Law and Crime Prevention

Today’s Showdown at The Hague: Darfur War Criminal Faces the International Criminal Court

The first trial of a person accused of war crimes and crimes against humanity in Sudan’s Darfur region, has got underway at the International Criminal Court (ICC) in the Hague.

Ali Muhammad Ali Abd-Al-Rahman (also known as “Ali Kushayb”) appeared in Trial Chamber I of the ICC on Tuesday, with Judge Joanna Korner presiding, alongside Judge Reine Alapini-Gansou and Judge Althea Violet Alexis-Windsor.

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The suspected former leader of the pro-Government Janjaweed militia is accused of 31 counts of war crimes and crimes against humanity, allegedly committed in Darfur, between August 2003 “and at least April 2004”, said a press release from the ICC.

The Darfur conflict began in 2003, between Sudanese Government forces, backed by militia groups known as the Janjaweed, pitted against mainly non-Arab Darfur rebel movements, angry over discrimination and neglect on the part of central government. Hundreds of thousands were killed, and several million displaced by the brutal fighting.

Brutal crimes

The Janjaweed were widely accused of committing ethnic cleansing against the civilian population, burning and pillaging hundreds of villages.

Ousted former president of Sudan, Omar al-Bashir, is also facing genocide and war crimes charges relating to Darfur, in the ICC, but has so far evaded arrest. He is currently in custody in Sudan, following his removal from power in 2019.

The trial started with the reading of the charges against Mr. Abd-Al-Rahman, where he is alleged to have taken part in attacks on civilians in four Darfuri towns. He and militia members under his command, are alleged to have committed widespread rape, torture, killing and pillaging.

The ICC said that he is alleged to have implemented a counter-insurgency strategy directed by Khartoum, which “also resulted in the commission of war crimes and crimes against humanity in Darfur”.


Ali Muhammad Ali Abd-Al-Rahman at the opening of his trial at the International Criminal Court (ICC), in The Hague, Netherlands.

Not guilty plea

“The Chamber was satisfied that the accused understood the nature of the charges. The accused plead not-guilty to all the charges”, said the ICC in its statement.

The first expert witness is scheduled to start testifying on 6 April 2022.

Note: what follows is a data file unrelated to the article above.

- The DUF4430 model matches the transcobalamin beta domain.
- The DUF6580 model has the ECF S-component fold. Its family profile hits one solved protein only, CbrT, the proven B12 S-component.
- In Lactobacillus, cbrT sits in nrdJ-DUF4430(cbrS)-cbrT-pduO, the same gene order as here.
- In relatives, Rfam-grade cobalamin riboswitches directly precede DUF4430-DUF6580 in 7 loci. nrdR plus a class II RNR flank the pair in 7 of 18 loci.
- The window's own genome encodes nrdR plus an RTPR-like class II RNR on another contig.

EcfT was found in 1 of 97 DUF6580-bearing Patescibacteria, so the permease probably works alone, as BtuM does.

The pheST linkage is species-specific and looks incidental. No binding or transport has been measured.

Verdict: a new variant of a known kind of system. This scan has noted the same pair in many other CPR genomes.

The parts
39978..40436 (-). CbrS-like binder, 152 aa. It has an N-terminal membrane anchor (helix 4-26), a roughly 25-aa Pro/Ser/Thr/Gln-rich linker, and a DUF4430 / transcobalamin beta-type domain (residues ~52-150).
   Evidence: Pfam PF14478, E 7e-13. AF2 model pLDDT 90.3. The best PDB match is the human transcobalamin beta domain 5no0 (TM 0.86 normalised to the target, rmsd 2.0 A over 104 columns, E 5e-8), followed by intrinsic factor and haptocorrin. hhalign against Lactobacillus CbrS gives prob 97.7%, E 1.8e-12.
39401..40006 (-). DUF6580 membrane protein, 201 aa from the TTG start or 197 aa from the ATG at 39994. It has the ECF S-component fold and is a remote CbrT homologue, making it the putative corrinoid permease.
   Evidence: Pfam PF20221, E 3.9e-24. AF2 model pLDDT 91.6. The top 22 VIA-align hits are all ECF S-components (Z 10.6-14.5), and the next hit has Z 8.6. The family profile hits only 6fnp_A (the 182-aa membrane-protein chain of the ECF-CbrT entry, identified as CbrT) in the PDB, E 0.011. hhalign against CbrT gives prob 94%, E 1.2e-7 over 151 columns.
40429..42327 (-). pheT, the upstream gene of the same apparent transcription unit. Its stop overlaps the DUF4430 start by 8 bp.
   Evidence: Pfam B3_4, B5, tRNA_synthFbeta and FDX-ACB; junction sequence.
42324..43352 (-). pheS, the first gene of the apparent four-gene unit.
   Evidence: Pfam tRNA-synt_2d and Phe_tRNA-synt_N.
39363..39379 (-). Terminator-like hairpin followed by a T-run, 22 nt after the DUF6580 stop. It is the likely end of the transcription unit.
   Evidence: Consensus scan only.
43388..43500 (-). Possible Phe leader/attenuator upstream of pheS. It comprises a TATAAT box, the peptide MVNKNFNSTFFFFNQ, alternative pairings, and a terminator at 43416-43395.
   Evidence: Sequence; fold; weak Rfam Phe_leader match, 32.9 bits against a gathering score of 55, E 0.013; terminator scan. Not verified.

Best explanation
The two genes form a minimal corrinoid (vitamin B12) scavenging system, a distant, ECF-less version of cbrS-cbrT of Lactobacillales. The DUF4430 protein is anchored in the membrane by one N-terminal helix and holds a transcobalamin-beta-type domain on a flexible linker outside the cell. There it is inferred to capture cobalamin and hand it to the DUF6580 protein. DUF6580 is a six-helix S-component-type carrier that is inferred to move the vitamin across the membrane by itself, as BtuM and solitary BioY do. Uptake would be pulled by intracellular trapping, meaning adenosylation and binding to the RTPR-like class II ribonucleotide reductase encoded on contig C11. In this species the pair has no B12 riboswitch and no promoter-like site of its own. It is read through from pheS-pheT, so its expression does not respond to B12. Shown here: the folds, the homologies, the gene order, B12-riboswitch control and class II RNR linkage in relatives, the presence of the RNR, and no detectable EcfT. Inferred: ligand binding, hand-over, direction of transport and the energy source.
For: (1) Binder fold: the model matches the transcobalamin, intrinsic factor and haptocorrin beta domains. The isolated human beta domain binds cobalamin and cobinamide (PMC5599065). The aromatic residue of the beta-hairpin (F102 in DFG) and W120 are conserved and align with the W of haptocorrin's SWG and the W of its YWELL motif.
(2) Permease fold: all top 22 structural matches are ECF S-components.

Mr. Abd-Al-Rahman was transferred to the ICC’s custody on 9 June 2020, after surrendering himself voluntarily in the Central African Republic. His initial appearance before the ICC took place on 15 June 2020.

The trial is taking place, amid an increase in unrest and violence in the Darfur region, following political upheaval in Khartoum, and a military coup, that has seen allegations of widespread human rights abuses.



  1. It is crucial that justice is served for the victims of such brutal crimes. The ICC play a key role in holding perpetrators accountable for their actions, bringing some semblance of closure to the affected communities.

  2. It’s crucial that those responsible for such brutal crimes are held accountable. Justice must prevail for the innocent victims of the Darfur conflict.

  3. As a human rights advocate, it’s heartening to see justice being pursued for the victims of the brutal Darfur conflict. The ICC’s trial of Ali Kushayb is a crucial step towards holding perpetrators of war crimes accountable. Let’s hope for a fair trial and closure for the survivors.

  4. It is crucial that justice is served in cases of war crimes and crimes against humanity. The Darfur conflict was a brutal and devastating period that affected countless innocent lives. Holding those responsible accountable is a necessary step towards peace and justice.

  5. It’s about time that these perpetrators of brutal crimes are held accountable for their actions. Justice must be served for the innocent victims of the Darfur conflict. Let’s hope this trial brings some closure and sets a precedent for future prosecutions of war criminals.

  6. It is crucial that accountability is upheld for those responsible for the brutal crimes in Darfur. Justice must prevail for the innocent victims who suffered during the conflict. Hopefully, this trial at the International Criminal Court will bring some closure and justice to the affected communities.

  7. What evidence is being presented during the trial to prove the accused committed the war crimes and crimes against humanity in Darfur?

    1. During the trial at the ICC, various pieces of evidence such as witness testimonies, documentary proof, satellite imagery, and expert analysis are being presented to establish the accused’s involvement in the war crimes and crimes against humanity in Darfur.

  8. It is a crucial moment for justice to be served. The alleged perpetrator must be held accountable for the brutal crimes committed against innocent civilians in Darfur. This trial will hopefully bring some semblance of closure to the victims and their families.

  9. How will the ICC ensure a fair trial for Ali Kushayb, given the difficult circumstances of the Darfur conflict and the history of conflict in the region?

    1. The International Criminal Court (ICC) has a well-established system in place to ensure a fair trial, employing legal experts and impartial judges to carefully examine all evidence presented. Despite the challenges posed by the Darfur conflict’s context, the ICC remains committed to upholding justice and accountability for all parties involved.

  10. Is there any indication of how long the trial is expected to last? Will it be a lengthy process?

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